So I'm going to add to what you said, Jan.  I'm introverted genetically on a lot of fronts, but I have a social element that appreciates the extraversion angle on occasion.  I am both socially anxious and socially awkward, but I'm not always this way in all circumstances.  I think the elements of introversion that can create a problem with reaching out and developing relationships are mostly fed by and added to by learned behaviors based on past experiences or unnecessary social pressures and this leads to further complications on defining introversion.  I believe that a lot of what people think of as introversion is actually predominantly social awkwardness (or greatly enhanced by social awkwardness) that is learned by social programming. 



          
21 hours ago
Just so everyone knows, I'm a long way from not being an introvert.  I am working on it, but it's a lot easier to give advice sometimes than to take it myself. 

I was at a social event last night (The Banff Mountain Film Festival, travelling best of show).  A woman who I was even acquainted with already, who had been sitting near me was standing near me at the snack table at the intermission.  She is quite attractive to me, and as I said, I already know her a bit, but then just as I was going to head up to her to chat, two other goddesses in the same realm walked over to her.  It was apparently too much for me to connect with.  I diverted my approach, and walked across the room to talk with some guys about the films and about meeting up for a hike.

  A laughed at myself about it afterward as I drove home... reminiscing about this thread.

  Interestingly, the part that I wrote about your world opening up as you reach out was so apparent, by the opposite feeling that I felt.  There is an overwhelming closing-in feeling that doesn't feel as though it can be challenged.  I know, from past experience, that it immediately dissolves when you break free of it in the moment.  It is like the fear of falling.  I remember at age 17 standing on the edge of a logging bridge without a railing and wanting to jump off it into the creek 40 feet below with my friends and I was so afraid that I wasn't sure I was ever going to do it (i stood there for so long that I was worried about being sunburned), but as soon as my feet left the bridge, the fear was gone.  I had accepted the fear or the consequences, and there was no problem to do it the second time.  I need to remember to make that move.  Lose the fear with that movement.  I think it's a powerful lesson, and I know that I need to remind myself of it as much now as ever.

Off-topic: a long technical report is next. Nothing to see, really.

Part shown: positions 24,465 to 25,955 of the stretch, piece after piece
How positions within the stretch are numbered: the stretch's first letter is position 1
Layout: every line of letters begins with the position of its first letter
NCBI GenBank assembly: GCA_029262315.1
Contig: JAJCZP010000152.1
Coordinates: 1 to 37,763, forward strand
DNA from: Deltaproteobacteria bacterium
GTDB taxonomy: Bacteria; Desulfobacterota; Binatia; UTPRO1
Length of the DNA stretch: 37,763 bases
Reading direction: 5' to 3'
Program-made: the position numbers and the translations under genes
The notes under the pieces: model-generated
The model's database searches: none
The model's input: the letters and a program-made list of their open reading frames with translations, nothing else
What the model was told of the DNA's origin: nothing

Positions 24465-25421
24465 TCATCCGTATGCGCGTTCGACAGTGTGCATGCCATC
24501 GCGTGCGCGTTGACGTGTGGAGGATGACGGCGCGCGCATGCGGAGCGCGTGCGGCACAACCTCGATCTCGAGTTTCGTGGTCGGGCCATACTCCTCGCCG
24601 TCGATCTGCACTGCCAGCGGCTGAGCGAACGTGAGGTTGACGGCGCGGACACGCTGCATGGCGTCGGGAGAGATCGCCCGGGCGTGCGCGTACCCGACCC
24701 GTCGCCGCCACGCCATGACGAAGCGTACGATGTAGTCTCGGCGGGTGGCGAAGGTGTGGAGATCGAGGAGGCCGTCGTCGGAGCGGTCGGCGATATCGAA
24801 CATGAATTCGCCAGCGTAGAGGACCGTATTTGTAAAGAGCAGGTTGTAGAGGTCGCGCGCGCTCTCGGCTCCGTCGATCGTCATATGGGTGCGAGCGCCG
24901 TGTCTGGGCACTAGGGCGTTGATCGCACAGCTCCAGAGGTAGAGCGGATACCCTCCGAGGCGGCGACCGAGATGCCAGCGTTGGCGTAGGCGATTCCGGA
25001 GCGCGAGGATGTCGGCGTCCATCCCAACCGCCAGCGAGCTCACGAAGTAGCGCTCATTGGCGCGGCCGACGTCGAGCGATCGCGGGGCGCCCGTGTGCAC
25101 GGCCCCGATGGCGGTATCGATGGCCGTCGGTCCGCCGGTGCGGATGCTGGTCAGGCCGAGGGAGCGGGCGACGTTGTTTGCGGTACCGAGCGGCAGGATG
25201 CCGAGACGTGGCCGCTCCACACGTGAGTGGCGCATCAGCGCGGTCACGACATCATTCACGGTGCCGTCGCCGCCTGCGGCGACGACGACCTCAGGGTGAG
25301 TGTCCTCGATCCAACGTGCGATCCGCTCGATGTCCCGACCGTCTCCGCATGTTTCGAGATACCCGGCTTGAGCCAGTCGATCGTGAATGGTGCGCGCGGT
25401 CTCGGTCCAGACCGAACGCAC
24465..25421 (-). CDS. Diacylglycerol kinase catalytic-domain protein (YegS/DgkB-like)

Did he show how to get one of these blocks that first inch or so off the ground? 

  I didn't see any other videos that showed that.  I assume that he must have dug under it so that he could gain the initial teeter totter effect and or the rolling lubricant of pebbles.  I've been onto other 'research' and haven't gotten back to exploring this.
To the introverts out there, I'd like to add that I can relate.  I was an extreme introvert for a long time.  I had a friend though that pushed me to talk to people (women) and helped me break out of my shell.  That and I've had relationships break down and have sought council, and have done work on myself.  A lot of people refuse the last two mentioned things because they feel that it is a sign of weakness.  I used to believe this as well.  But I have learned that seeking help is a sign of strength.  It is possible, and it is of great benefit to break out of introversion.  Your world will open up for you.  The main concern that a lot of people have (and why the are introverts) is fear of rejection.  But this is primarily self-doubt that a person is reflecting outwards onto others, and thus experiences it falsely as the judgement of others.  There is a lot to be said for Self Compassion, and really truly understanding those fears that are holding you back from becoming social.  I highly recommend the work of Brene Brown, and also Kristen Neff in these regards.  Heavy introversion is not a natural state, it is learned behavior from listening to an inner voice that is telling you that you are not good enough for the group to accept.  At least that was the case for me.   I shouldn't write that about everybody generally.  But that is how I understand it, particularly after finding these types of teachers and looking at my own behavior and listening to what my thoughts were actually saying to me.  I can also appreciate those people who will say after reading this, that I simply do not understand their level of introversion.  But believe me when I say that I was a very serious introvert and that I definitely can relate.

Here's Brene Brown's 8.4million hit ted talk: 



And here's Kristen Neff's over 1 million hit TedX talk: